You are too close together if the bear spots you and changes its behavior or direction. In this case, do not approach the bear and do not allow it to approach you. Increase your separation by backing away slowly.

NPS recommendations for a potentially dangerous black bear.

The National Park Service recommend the following actions if you are followed or approached by a non vocalizing black bear that is not paw swatting (this means it is not afraid of you).

  • Change your direction.
  • If the bear continues to follow you, stand your ground.
  • If the bear gets closer, talk loudly or shout at it.
  • Act aggressively to intimidate the bear.
  • Act together as a group if you have companions. Make yourselves look as large as possible (for example, move to higher ground).
  • Throw non-food objects such as rocks at the bear.
  • Use a deterrent such as a stout stick.
  • If you are carrying bear spray, begin to discharge it when the bear comes within 20 yards of you.
  • Don’t run and don’t turn away from the bear.
  • Don’t leave food for the bear; this encourages further problems.
  • Identify yourself by talking calmly so the bear can distinguish you from a prey animal.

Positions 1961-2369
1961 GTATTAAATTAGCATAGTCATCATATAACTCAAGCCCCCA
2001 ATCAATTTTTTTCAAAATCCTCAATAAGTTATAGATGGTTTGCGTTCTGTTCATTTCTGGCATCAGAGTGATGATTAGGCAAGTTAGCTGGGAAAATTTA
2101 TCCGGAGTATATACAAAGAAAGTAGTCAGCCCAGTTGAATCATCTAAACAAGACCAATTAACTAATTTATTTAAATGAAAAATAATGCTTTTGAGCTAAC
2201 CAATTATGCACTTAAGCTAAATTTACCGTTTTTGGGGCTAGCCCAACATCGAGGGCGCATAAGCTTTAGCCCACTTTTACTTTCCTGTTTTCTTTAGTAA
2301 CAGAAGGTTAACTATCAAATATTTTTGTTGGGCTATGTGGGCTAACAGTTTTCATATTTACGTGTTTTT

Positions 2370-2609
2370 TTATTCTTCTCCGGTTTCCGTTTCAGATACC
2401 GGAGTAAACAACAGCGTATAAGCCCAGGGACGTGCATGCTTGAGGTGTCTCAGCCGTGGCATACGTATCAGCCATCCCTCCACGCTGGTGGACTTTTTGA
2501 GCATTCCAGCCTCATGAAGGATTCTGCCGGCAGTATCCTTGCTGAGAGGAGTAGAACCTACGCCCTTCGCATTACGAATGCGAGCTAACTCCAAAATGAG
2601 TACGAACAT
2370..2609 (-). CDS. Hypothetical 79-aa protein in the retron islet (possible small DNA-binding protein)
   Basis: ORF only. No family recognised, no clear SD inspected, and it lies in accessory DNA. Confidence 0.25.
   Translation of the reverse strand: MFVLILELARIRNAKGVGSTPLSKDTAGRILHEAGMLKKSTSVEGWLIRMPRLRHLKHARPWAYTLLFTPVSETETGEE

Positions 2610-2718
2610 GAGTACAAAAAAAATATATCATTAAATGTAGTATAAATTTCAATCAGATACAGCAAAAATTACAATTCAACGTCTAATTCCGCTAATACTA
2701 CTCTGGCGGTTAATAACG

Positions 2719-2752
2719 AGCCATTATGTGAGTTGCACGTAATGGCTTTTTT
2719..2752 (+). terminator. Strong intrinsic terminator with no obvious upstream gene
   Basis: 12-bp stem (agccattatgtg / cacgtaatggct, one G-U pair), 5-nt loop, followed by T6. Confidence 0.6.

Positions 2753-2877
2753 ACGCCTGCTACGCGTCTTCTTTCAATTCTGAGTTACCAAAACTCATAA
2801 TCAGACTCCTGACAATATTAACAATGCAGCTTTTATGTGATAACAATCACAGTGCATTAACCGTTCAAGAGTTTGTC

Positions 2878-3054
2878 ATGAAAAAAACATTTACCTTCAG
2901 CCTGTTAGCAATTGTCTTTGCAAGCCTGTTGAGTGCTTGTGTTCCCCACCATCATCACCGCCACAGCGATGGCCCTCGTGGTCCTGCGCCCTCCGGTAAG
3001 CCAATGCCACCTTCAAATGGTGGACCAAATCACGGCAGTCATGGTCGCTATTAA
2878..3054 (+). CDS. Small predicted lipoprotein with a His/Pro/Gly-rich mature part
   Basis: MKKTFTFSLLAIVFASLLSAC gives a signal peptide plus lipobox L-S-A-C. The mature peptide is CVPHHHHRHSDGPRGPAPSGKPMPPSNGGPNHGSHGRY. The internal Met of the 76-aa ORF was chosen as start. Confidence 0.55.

• Stay calm.
  • Pick up small children and dogs right away.
  • Make yourself look larger.
  • Don’t allow the bear access to your food.
  • Don’t drop your pack.
  • Move away slowly and sideways, but only if the bear is sitting still. Do not run or attempt to scale a tree (black bears are great climbers).
  • Leave an escape route open so that the bear can leave.
  • When it leaves and you feel safe, exit or detour the area. 

The NPS asks that you don’t discharge a firearm; this can cause a safety hazardfor other visitors—but all bets are off at some point, right?

How fast can a black bear run?

A black bear can at up to 30 m.p.h. The average, if reasonably fit, human male being chased by one might hit 12 m.p.h.

Running downhill to escape a pursuing bear will not help; most bears are faster going downhill than uphill.

Always make the bear flee, never try it yourself.

Dennis V. Gilmore Jr.

Dennis V. Gilmore Jr. is a former Marine Sergeant and the author of several books, including two on night hunting coyotes and red and gray fox. He has written several hundred articles on predator hunting for